It started in the early hours of Friday morning with many visits to the loo and Talluah cursing the crab empanada. The maker of the crab empanada was also cursed, as was the person who caught the crab and I think at one stage the inventor of the empanada was cursed in the crossfire.
Talluah lay on the bed saying she’d never been so sick or sore in all her life. My parents had eaten from the same empanada and didn’t suffer any ill effects. Our neighbour had recently had a stomach virus and was subsequently blamed but as time went on it was obviously a very determined tummy bug and with a baby on the way it’s easy to let your imagination get carried away. By Saturday morning Talluah said that she couldn’t take the pain any more and we needed to go to a hospital. Medical care is always a concern when you’re travelling abroad. We all think our own country’s hospitals are the best. We called The Yellow House for some advice and they offered us a lift. Sometimes private vehicles are a better option than calling an ambulance. Fifteen minutes later, Martin turned up to take us to a private clinic in Valpo.
Talluah was attended to as soon as we entered the clinic and because she is three months pregnant they organised for an obstetrician to come and do an ultrasound. For all the curious people out there, we don’t want to know the gender of our child and baby had his or her legs crossed. Everything was fine with baby, strong heartbeat, right measurements and little arms moving around. It’s a magical moment hearing that heartbeat for the first time. The doctor concluded that Talluah had some sort of virus or infection and organised for some medicine.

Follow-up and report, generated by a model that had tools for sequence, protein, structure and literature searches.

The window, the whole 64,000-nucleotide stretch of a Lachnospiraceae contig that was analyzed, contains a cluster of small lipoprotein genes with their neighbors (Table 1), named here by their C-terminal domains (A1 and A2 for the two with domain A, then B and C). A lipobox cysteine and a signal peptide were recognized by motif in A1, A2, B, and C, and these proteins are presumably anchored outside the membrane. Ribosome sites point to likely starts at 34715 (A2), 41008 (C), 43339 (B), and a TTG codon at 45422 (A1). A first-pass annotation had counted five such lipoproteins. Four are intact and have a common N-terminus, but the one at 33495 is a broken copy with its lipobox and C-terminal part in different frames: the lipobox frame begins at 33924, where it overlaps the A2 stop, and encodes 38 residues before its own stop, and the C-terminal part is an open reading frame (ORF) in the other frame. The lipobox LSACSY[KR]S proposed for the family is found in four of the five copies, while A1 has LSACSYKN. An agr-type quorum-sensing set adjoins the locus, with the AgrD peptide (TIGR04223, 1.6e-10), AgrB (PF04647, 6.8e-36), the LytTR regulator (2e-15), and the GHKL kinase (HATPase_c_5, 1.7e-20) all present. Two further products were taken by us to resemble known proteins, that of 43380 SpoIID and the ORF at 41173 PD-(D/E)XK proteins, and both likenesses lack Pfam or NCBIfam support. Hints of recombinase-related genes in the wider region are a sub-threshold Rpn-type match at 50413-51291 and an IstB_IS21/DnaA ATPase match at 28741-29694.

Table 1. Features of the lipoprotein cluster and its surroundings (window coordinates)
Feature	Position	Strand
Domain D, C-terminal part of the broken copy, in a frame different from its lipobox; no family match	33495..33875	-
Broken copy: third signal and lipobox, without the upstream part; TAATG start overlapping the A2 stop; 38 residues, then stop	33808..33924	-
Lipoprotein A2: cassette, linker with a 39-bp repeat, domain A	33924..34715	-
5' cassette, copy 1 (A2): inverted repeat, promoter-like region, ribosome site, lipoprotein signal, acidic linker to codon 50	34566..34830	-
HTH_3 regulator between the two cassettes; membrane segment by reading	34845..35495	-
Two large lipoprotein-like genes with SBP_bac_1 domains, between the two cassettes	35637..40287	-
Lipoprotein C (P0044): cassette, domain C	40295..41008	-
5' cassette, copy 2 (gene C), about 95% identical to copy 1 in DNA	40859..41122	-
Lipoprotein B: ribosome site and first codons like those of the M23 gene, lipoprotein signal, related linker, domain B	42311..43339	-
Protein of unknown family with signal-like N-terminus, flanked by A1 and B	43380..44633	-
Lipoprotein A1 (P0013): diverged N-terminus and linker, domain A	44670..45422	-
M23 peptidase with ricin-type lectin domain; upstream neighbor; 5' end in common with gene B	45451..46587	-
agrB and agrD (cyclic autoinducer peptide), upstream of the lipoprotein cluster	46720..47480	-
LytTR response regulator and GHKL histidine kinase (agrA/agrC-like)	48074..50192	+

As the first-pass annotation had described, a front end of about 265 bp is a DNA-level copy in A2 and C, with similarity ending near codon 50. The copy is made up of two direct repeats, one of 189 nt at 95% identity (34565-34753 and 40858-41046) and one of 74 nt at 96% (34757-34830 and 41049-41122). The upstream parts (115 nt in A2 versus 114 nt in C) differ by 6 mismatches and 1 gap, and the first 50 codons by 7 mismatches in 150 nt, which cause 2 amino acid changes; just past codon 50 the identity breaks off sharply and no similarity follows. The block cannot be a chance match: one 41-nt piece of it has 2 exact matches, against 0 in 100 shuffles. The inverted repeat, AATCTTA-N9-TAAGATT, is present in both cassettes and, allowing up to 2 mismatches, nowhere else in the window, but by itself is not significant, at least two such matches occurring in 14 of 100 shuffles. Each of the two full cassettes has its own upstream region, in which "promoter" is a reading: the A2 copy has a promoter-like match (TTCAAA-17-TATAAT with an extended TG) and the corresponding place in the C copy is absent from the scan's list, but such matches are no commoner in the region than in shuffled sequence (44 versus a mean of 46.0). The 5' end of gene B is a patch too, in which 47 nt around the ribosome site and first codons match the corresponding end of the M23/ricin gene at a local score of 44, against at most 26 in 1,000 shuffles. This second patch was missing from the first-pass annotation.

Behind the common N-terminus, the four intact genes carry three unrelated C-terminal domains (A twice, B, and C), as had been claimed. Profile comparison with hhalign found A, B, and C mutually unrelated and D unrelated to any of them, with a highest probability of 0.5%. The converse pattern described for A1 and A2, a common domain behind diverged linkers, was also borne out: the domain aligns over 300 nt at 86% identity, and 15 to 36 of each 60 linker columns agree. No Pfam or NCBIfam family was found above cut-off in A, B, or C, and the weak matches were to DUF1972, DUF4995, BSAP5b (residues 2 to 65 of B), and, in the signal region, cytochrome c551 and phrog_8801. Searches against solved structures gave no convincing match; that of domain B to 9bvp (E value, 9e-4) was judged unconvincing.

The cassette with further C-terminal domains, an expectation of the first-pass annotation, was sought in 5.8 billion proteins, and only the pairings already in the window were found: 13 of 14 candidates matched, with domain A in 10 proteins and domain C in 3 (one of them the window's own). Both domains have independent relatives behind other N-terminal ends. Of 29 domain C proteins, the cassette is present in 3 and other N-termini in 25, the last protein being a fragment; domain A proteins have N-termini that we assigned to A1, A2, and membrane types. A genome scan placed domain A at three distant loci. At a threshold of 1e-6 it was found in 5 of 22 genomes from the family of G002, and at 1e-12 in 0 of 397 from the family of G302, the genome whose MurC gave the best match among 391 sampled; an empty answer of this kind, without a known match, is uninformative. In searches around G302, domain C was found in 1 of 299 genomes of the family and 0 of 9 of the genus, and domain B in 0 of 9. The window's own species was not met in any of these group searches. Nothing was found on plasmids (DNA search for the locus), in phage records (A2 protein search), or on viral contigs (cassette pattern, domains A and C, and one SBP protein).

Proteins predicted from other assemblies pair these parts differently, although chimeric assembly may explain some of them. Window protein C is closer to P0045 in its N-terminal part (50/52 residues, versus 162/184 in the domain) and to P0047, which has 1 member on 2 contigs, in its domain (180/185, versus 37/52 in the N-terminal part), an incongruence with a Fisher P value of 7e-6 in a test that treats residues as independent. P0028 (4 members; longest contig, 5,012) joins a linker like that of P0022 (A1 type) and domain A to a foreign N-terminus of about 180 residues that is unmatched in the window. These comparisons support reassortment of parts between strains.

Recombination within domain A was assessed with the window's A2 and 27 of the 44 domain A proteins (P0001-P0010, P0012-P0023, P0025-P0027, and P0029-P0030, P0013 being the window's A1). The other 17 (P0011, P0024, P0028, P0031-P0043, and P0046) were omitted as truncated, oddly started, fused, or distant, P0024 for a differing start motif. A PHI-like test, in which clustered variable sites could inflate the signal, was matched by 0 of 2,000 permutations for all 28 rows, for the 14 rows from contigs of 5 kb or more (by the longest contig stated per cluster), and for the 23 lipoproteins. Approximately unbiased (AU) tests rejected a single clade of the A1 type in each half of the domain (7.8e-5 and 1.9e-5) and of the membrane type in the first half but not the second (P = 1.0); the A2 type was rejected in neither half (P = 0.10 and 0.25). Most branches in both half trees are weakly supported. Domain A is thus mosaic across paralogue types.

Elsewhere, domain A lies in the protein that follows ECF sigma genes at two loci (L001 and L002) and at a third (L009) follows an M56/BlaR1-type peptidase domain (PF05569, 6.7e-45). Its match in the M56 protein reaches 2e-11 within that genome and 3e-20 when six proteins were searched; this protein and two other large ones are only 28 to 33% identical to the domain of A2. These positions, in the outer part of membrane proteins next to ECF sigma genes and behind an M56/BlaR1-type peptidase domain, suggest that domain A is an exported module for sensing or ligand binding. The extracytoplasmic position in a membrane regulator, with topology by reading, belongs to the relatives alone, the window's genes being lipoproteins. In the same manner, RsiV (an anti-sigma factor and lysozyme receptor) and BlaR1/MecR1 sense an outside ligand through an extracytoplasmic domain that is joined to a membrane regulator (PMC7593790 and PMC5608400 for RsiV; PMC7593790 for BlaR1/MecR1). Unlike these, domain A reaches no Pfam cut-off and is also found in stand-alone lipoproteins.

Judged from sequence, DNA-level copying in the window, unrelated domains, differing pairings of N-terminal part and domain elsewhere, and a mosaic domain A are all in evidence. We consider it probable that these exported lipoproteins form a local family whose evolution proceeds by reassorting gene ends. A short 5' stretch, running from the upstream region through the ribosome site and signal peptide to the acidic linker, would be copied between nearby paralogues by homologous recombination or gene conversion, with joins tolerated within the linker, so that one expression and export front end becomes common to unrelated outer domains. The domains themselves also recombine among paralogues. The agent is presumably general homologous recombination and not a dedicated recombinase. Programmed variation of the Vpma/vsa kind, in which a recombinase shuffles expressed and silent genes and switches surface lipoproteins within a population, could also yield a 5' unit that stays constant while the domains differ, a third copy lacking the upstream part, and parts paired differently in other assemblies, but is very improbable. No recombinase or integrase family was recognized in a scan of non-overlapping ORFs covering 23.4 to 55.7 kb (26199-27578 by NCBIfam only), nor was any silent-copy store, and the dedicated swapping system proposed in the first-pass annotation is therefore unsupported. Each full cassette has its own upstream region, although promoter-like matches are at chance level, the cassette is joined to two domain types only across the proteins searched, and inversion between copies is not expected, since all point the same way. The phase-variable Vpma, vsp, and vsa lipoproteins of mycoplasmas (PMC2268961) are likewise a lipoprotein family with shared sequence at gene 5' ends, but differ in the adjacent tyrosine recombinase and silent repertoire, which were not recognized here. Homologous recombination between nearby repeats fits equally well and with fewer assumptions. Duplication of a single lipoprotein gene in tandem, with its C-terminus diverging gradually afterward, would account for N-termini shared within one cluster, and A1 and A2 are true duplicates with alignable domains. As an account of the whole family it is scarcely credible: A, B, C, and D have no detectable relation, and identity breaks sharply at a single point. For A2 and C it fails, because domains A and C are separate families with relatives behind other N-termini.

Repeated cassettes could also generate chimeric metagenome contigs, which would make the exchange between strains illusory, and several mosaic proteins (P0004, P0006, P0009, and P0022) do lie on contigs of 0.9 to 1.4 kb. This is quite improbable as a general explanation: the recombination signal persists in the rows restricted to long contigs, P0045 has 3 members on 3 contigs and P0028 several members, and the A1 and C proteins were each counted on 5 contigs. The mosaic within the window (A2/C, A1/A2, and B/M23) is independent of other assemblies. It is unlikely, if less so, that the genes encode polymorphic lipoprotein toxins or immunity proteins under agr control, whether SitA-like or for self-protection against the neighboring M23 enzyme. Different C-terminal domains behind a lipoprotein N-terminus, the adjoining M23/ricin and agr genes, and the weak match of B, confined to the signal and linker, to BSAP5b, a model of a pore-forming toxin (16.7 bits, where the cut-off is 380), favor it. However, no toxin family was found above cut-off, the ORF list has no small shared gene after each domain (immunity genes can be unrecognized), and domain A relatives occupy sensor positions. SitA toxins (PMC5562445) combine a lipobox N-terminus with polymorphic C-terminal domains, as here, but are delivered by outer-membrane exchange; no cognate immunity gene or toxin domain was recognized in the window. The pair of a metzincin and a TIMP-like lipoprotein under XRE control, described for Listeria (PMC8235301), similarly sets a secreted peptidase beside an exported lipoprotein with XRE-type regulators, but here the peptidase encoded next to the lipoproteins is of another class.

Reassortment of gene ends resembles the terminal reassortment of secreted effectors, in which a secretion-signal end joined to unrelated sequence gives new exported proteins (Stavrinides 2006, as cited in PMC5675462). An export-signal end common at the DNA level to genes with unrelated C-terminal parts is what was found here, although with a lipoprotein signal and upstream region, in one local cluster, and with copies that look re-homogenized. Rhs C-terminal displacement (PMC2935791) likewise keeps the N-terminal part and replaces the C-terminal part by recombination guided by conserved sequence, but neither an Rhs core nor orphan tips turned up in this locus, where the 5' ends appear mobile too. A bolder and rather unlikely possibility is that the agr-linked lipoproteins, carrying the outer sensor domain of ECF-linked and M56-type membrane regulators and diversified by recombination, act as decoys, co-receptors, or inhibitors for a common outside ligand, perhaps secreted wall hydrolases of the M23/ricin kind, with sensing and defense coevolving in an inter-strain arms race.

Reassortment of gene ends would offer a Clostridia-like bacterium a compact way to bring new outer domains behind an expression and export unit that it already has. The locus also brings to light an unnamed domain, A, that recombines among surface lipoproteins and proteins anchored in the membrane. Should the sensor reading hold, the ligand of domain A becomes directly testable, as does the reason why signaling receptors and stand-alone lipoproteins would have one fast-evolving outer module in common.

The pain relief that they’d given Talluah made the trip home bearable and Talluah returned to bed to recover. Until the pain meds wore off and agony, which was described as worse than childbirth, started stabbing into Talluah’s abdomen. She might be a featherweight but she can tolerate a lot. To see her this way meant that something was really wrong. We called the doctor again and he said we had to meet him at a different private clinic in Viña, which had more equipment to run tests. He advised us which train station to get out of. Talluah could barely think she was in so much pain.
My parents are visiting and Indy and Truce had some Granny time while one of my students drove Talluah and I to the Viña clinic. We arrived before the doctor and were told that as foreigners we have to have a US$6,000 guarantee on our credit card. We don’t have that sort of limit on our card and the clinic averages US$300 a night plus expenses. They pointed us to the public hospital around the corner.
Talluah could only walk doubled over and didn’t complain once during the whole trip. We arrived at the Emergency doors of Hospital Fricke and entered a packed waiting room. A man, who may or may not have been under the influence of something, came to our aid and ordered the security guard to let us through, bypassing administration and straight to the maternity section.